The Ksyrium SLR wheel system is really just a front wheel with a tire, because the complete set actually comes with an R-Sys SLR rear. That’s right – at the SLR level, a standalone Ksyrium rear wheel with bladed aluminum Zicral spokes doesn’t really exist. Mavic says the stiffness and inertia benefit of R-Sys TraComp spokes is most relevant for the pedaling loads incurred by rear wheels. The R-Sys SLR rear wheel is lighter, too. Going with the Ksyrium SLR front wheel instead of an R-Sys front wheel saves $200 and adds just 30 grams. Like the R-Sys SLR set, it’s available as either a tubular or clincher. Like the other aluminum-rimmed wheels in the SSC range, the Ksyrium SLR front wheel has Exalith treatment.

So, how’d they ride?

Say what you will about the validity of Mavic’s wheel/tire system concept. Complain about the majority of the wheel platforms remaining more or less the same as in 2010 (excepting the CC80 and Exalith rim treatment).

For starters, the matte-gray, smoked-out look of the new wheels looks pretty cool.

And at the end of the day, Mavic wheels still just ride really, really well. Company engineers prioritize high-stiffness, low-inertia designs, and the ride quality of Mavic wheels is always correspondingly precise and responsive. When you add tires to the system, the ride seems to feel even better (although it’s probable that a good Michelin or VeloFlex tire would feel just as good).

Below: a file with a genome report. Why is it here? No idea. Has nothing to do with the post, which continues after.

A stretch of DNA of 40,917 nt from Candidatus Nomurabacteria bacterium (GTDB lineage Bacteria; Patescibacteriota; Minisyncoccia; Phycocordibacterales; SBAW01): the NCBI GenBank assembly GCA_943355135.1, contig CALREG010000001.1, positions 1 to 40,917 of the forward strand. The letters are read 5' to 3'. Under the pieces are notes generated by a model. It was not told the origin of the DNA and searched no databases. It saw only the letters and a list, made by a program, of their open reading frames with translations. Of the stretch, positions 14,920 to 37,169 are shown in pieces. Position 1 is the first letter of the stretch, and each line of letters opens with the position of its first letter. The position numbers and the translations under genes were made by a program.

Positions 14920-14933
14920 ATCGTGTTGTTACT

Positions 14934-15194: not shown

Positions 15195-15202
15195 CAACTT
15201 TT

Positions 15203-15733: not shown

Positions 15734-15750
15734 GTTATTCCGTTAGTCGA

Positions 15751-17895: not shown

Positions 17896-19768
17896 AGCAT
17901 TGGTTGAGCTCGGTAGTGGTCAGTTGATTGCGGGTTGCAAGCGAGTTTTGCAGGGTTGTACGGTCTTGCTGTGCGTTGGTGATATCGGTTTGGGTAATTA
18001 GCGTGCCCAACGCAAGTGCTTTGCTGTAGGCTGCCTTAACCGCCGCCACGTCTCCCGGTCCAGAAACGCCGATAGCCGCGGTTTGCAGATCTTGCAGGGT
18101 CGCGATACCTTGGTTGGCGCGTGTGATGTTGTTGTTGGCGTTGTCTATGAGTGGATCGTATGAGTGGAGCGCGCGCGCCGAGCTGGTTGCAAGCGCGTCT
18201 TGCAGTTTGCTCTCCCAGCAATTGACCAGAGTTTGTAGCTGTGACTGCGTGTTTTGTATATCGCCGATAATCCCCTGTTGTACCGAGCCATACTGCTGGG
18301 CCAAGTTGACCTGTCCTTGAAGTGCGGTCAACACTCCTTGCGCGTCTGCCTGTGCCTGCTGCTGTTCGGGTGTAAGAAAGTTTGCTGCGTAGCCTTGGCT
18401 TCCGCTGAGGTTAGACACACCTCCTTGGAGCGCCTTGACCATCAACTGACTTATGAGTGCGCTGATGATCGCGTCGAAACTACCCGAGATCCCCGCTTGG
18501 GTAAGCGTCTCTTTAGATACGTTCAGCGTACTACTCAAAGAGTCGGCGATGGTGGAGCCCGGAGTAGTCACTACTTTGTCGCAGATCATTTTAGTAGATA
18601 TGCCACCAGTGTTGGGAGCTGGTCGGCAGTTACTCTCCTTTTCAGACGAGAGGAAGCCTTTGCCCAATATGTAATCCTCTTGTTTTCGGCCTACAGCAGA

We only managed a short couple of hours on local roads in gusty, cloudy conditions on each of the main SSC wheel systems. But it’s fair to say that the CC80s feel plenty fast and don’t suffer much buffet in crosswind. They’re a little on the heavy side, but their stiffness is outstanding. The aerodynamic Cosmic Carbone SLRs are likewise a touch heavy, but remarkably stiff and accurate.

The wheels with Exalith aluminum rims are indeed quick to slow under braking – combined with the special Mavic pads, they feel much more grippy than standard aluminum rims, without being grabby. The brake track surface texture does make them sing when the binders are applied, but it’s nothing more obtrusive than the squealing of carbon rims (and Mavic says the texture is subject to final revision before production anyway).

And how about those costly Cosmic Carbone Ultimate wheels? It’s easy to forget about them in Mavic’s catalogue, because they’ve been there for what seems like a long time. They haven’t changed since they were introduced two years ago, but there’s a good reason for it. They’re absolutely impressive in terms of stiffness, acceleration, what feels like reasonable aerodynamics, and light weight. It’s no wonder that the ProTour teams turn to these wheels more than any others in the SSC line for everything from flat road races to hilly time trials.

Stay tuned as we get more wheels and tires in the office for longer term tests.